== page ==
A death photo has been discovered of Ernie Pyle, one of the best and most famous writers ever to come out of Indiana. It was taken just after a Japanese machine-gun bullet went through his left temple:
It's a striking and painful image, but Ernie Pyle wanted people to see and understand the sacrifices that soldiers had to make, so it's fitting, in a way, that this photo of his own death ... drives home the reality and the finality of that sacrifice," said James E. Tobin, a professor at Miami University of Ohio.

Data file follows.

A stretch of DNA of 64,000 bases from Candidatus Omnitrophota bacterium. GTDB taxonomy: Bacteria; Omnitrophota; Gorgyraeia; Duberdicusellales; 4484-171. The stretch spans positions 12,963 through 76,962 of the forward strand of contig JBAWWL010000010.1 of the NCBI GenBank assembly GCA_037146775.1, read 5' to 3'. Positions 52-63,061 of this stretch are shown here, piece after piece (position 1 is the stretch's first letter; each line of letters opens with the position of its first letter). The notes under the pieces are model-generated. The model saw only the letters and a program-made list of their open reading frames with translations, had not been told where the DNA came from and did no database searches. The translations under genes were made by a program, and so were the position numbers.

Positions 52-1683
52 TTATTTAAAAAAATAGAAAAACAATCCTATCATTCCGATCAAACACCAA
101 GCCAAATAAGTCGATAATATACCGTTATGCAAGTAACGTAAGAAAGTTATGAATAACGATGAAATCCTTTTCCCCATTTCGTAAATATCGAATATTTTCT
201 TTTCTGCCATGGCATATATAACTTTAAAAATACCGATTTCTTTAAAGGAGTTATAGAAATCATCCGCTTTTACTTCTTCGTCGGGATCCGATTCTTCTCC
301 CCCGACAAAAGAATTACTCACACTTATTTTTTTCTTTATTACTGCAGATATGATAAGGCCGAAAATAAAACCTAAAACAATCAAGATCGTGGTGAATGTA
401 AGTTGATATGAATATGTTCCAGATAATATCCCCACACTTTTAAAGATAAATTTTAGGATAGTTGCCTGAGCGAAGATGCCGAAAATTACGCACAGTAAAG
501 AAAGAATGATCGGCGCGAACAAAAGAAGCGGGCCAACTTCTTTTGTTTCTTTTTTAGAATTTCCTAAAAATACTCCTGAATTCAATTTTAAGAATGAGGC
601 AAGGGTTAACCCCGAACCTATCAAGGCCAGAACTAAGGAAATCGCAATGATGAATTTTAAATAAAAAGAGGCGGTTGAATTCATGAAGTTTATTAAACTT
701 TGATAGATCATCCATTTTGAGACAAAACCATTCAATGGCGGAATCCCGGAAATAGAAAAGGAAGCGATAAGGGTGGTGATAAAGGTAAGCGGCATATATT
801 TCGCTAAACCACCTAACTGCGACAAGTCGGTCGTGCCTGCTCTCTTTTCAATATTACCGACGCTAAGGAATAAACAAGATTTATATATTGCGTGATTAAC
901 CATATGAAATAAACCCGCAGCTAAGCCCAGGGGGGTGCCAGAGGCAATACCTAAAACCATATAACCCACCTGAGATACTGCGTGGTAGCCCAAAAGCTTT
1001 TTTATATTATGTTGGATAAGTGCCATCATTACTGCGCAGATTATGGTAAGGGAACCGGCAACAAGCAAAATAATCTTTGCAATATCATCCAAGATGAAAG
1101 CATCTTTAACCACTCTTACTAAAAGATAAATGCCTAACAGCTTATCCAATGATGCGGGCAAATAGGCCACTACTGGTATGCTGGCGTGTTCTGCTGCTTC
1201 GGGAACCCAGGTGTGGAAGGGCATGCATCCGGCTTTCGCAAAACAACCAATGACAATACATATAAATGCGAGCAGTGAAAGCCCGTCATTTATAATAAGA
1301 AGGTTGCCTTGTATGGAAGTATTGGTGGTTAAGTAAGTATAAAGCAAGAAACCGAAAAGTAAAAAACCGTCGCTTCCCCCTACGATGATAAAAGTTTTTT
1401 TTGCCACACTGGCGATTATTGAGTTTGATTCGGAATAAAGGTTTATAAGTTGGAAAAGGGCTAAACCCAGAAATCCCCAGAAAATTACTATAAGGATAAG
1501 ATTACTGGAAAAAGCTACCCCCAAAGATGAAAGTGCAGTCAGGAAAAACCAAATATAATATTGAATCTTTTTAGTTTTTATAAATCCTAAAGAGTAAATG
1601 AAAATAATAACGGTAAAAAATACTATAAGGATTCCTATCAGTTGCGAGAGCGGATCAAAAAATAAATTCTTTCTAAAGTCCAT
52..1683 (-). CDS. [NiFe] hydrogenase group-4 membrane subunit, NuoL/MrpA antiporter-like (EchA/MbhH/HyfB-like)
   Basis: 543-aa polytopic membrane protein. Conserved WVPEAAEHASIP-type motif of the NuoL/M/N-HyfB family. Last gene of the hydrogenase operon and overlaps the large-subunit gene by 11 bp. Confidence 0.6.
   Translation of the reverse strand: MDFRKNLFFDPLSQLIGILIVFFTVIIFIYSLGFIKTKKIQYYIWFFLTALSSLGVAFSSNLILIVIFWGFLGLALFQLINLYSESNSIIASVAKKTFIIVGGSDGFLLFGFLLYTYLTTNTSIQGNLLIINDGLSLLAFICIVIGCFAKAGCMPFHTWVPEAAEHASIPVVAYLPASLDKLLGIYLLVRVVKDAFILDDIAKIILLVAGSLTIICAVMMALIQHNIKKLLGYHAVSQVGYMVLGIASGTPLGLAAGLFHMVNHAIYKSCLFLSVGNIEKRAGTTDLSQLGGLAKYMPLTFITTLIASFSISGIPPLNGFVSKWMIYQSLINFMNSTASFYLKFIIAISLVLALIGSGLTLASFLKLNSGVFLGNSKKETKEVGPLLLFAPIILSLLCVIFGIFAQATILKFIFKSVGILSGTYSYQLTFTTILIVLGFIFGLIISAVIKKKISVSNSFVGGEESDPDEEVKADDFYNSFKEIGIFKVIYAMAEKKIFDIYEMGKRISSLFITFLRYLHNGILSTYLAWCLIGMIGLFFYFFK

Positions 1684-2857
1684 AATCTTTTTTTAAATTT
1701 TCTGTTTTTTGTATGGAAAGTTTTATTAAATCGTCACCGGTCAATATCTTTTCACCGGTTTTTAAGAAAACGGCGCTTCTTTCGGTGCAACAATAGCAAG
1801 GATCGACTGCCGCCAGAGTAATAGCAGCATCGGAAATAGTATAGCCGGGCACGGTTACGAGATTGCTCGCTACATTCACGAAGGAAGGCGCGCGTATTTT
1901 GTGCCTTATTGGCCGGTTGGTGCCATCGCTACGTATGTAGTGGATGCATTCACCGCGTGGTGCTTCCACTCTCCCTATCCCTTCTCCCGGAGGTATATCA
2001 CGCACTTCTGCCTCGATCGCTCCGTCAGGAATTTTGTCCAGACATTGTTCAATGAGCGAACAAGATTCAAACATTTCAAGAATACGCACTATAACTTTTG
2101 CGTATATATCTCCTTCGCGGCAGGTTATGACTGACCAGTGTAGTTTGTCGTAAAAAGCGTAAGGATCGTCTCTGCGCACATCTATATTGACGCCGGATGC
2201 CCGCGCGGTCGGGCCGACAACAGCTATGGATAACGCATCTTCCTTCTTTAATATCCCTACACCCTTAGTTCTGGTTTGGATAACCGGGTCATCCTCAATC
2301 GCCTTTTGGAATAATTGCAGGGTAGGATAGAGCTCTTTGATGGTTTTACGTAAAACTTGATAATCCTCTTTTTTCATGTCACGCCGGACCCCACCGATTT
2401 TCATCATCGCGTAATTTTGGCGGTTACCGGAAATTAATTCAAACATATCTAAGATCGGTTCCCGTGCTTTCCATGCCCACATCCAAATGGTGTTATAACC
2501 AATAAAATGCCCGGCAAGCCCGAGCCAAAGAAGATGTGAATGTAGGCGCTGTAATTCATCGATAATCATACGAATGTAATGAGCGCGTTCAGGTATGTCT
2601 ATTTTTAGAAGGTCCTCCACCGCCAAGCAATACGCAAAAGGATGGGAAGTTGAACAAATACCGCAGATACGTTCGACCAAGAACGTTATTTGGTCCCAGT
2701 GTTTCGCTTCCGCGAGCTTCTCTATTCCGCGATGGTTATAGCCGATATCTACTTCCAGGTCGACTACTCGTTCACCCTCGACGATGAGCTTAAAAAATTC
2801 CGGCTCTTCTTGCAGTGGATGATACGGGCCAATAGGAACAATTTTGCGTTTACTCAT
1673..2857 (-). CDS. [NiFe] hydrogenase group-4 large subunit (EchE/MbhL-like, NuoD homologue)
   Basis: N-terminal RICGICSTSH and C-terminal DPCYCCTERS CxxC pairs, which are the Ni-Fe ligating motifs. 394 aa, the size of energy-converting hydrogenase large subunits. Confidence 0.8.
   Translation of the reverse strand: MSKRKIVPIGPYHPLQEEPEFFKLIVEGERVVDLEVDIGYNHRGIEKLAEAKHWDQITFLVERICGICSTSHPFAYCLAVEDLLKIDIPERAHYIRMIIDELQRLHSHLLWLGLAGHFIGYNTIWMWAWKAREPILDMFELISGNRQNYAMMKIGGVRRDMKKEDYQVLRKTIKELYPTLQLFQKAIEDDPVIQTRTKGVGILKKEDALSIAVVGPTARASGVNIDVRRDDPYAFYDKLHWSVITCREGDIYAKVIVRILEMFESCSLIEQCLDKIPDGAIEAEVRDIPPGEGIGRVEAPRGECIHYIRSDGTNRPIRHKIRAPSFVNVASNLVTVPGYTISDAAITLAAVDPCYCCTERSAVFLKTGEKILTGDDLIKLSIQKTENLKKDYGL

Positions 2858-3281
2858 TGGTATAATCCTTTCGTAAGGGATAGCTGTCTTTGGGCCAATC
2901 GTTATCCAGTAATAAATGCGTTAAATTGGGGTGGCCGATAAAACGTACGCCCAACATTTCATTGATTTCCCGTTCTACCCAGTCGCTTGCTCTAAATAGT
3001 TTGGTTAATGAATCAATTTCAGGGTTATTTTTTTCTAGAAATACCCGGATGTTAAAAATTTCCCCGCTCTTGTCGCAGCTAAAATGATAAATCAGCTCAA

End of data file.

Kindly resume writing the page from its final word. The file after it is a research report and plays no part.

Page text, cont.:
Pyle was famous long before World War II came along, a 1930s media superstar. He had spent years on the road writing six columns a week -- 1,000 words each; believe me, that's a considerable output. By 34, he was a commodity sought by editors everywhere, but burned out and going stale. The war reinvogorated him, but it left his wife, frail and prone to depression, alone in their home in New Mexico. She died just a few months after he did.
There's a halfway decent World War II movie based on Pyle's dispatches called "The Story of G.I. Joe," with Burgess Meredith playing the correspondent. I think the story of his pre-World War II life would make a good movie, too.